Maine Gemstone Mining
Maine is one of the world's most famous locations for gem-quality tourmaline, beryl, and quartz.
Author: Hobart M. King, Ph.D., GIA Graduate Gemologist
America's First Commercial Gemstone Mine
The first commercial gemstone mine in the United States was discovered by accident near the town of Paris, Maine, on a late autumn day in October of 1821. Two young men, Elijah Hamlin and Ezekiel Holmes, were hiking when Hamlin spotted a green flash of color in the soil beneath the roots of a fallen tree. He went to the tree and picked a small, bright green, transparent prism-shaped crystal from the soil.
The men examined the crystal and realized that something special had been found. They began searching for more crystals but were hampered by darkness. They decided to return the next day to continue their search, but the first snowfall of winter made searching impossible. They did not know what they had found but decided to return in the spring to resume their search.
As soon as the winter's snow had melted away, Hamlin and Holmes returned to the fallen tree and began searching. That day they found a number of beautiful crystals and fragments of crystals at the fallen tree and at numerous nearby locations. They sent some of the crystals to Benjamin Silliman, a professor at Yale University, who identified them as tourmaline.
Later that year, Hamlin's younger brothers, Cyrus and Hannibal (who later served as Vice President to Abraham Lincoln), opened a pocket of beautiful gem-quality green and red tourmaline crystals in a nearby rock ledge. Some of the crystals were over two inches in length and one inch in diameter.
Unfortunately, in the early 1800s the market for rough gemstones and mineral specimens in the United States was undeveloped, and the Hamlins sold many of their crystals for small amounts of money.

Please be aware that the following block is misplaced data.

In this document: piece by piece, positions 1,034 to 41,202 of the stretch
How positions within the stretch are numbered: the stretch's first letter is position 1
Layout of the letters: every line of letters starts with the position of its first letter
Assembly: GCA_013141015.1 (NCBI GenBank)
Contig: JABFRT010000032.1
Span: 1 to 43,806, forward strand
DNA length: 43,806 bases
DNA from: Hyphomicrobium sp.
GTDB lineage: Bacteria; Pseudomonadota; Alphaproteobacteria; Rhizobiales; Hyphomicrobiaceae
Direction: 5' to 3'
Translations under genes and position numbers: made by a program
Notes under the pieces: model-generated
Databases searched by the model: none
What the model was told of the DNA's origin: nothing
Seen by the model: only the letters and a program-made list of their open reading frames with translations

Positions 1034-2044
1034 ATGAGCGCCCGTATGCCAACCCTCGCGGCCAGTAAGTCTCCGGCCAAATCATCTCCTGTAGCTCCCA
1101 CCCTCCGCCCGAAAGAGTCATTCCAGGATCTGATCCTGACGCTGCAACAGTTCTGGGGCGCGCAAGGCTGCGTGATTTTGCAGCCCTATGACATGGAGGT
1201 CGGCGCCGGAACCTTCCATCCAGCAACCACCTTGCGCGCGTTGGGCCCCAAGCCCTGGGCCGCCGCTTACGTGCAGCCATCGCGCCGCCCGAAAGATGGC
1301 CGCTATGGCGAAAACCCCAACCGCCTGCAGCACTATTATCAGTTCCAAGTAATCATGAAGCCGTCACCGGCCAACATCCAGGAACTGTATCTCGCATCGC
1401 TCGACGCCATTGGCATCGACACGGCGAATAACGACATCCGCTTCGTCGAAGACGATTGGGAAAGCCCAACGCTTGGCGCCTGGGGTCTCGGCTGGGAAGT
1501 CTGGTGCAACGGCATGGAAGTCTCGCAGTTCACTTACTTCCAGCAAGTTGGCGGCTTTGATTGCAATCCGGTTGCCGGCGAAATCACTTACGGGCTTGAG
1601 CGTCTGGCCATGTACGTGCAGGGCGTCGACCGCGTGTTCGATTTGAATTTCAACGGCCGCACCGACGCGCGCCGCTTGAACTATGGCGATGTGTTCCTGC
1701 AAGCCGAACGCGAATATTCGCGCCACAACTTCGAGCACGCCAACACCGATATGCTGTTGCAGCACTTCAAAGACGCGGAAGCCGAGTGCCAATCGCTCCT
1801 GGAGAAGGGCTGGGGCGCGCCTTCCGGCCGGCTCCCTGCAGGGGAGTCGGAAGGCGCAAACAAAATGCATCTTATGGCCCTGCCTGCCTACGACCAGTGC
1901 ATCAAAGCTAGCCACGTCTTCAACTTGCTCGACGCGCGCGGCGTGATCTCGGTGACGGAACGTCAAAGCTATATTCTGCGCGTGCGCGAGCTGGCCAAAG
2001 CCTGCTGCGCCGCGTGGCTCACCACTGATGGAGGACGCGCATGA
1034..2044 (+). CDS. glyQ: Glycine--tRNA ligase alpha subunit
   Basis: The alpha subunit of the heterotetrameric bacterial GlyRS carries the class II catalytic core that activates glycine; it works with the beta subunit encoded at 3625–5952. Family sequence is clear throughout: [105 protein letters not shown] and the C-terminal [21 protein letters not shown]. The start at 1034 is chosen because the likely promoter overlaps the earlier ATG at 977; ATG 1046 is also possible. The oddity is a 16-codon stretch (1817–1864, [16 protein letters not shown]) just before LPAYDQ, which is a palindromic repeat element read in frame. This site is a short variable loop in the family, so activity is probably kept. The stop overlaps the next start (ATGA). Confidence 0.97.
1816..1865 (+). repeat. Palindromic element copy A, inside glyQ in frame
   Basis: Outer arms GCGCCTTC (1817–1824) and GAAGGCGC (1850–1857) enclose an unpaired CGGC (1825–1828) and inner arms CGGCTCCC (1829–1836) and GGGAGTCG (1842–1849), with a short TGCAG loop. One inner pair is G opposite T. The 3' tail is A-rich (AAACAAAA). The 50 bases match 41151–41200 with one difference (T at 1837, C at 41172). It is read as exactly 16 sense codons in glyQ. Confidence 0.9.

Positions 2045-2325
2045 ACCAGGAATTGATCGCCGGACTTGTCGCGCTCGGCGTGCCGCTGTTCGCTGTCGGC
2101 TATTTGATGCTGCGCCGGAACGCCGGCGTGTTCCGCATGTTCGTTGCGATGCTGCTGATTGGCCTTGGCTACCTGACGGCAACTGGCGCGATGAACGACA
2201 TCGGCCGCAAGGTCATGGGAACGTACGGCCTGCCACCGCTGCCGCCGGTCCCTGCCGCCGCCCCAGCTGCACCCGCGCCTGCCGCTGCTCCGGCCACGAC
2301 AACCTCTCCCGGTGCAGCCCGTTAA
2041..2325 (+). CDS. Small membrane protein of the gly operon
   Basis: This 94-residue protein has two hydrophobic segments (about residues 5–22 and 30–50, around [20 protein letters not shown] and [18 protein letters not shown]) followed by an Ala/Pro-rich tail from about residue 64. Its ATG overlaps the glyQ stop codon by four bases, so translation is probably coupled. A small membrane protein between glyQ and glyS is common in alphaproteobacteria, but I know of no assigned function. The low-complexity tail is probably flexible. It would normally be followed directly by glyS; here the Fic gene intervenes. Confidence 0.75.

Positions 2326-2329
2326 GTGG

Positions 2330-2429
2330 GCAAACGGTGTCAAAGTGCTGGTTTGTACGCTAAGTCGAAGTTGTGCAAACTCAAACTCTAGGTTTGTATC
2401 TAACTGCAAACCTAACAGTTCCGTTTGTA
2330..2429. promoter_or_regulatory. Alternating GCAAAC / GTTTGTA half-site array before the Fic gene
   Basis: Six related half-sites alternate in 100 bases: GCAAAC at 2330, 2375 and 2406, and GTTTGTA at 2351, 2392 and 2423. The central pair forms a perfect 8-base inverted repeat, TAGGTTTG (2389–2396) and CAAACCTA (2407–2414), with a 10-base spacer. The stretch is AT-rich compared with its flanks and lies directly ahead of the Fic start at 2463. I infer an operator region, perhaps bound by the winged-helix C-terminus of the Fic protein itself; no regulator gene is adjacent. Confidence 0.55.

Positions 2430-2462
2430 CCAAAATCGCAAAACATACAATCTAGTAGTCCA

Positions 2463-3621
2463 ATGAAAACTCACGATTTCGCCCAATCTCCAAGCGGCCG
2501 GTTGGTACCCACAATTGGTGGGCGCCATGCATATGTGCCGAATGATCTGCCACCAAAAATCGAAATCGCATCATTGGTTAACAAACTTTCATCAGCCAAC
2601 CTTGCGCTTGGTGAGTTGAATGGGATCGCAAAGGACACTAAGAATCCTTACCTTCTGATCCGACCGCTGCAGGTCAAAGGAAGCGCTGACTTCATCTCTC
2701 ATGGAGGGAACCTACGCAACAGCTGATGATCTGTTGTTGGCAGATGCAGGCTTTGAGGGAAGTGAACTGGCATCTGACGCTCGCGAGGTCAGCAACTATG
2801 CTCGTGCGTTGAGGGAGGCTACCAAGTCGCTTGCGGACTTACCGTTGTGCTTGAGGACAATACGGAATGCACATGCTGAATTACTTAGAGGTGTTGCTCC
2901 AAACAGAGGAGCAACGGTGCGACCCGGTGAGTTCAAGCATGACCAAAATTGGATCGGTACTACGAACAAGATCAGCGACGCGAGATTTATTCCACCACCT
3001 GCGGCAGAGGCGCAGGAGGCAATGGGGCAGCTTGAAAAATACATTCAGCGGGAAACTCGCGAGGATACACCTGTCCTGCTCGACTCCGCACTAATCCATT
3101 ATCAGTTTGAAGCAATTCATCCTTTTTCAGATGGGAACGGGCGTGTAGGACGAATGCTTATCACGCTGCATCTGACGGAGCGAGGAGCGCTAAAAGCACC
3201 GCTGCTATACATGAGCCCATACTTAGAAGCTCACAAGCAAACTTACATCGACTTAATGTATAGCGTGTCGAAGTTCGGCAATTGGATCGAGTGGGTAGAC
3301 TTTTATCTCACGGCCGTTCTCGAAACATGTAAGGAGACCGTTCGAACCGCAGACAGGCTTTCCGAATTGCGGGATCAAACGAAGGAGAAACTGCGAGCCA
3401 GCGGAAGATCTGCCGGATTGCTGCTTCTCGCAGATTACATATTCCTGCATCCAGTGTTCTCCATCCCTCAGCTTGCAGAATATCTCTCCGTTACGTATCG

Gems as a Byproduct
By the late 1800s, rough gem materials were regularly being purchased by dealers in Boston and New York. By then mica and feldspar were being mined from dozens of pegmatites in Androscoggin, Cumberland, Oxford, and Sagadahoc Counties. Gem-quality tourmaline and other gem minerals were often discovered while mining, and gemstones became a byproduct of the mica and feldspar industries.
The hill where Hamlin and Holmes made their tourmaline discovery was known as "Mount Mica" because large amounts of mica were found there. Mining for tourmaline occurred intermittently at Mount Mica through the 1800s and 1900s, as miners began to understand the pegmatite rocks and the cavities within them that contained beautiful crystals.
The most recent mining episode at Mount Mica began in 2003 when Coromoto Minerals decided to mine the entire pegmatite by following it underground to discover all of the pockets. Since then they have found hundreds of pockets containing gem- and specimen-quality tourmalines, along with many other minerals. A detailed history of mining at Mount Mica can be found at the Creaser Jewelers website.
The three faceted tourmalines in the photo at the top of this page were cut from rough mined at the Dunton Quarry, located in Oxford County.
Many world-class tourmaline crystal specimens have been mined in Maine, and many of the best faceted tourmalines have been cut from rough produced from Maine mines and quarries. The Maine legislature recognized tourmaline as an important product of the state and named it the "official state gemstone."
Schorl, a black variety of tourmaline, is the most common tourmaline found in Maine. The gem-quality material is green, blue, pink, and watermelon (green and pink) elbaite.
Beautiful varieties of gem-quality quartz have been found in Maine. Amethyst is the most important and is frequently found in granite pegmatite at many locations. Facet-quality citrine has been found at Emmons Quarry, Hatch Ledge, and Buckfield. Smoky quartz and rose quartz have been found in faceting quality at many locations. Star rose quartz has been produced from the Whispering Pines Quarry.
Other Maine Gems
In addition to tourmaline and quartz, the pegmatite deposits of Maine have produced aquamarine, morganite, chrysoberyl, lepidolite, spodumene, and topaz. Garnet, kyanite, andalusite, sodalite, and staurolite have been produced from the metamorphic rocks of Maine.
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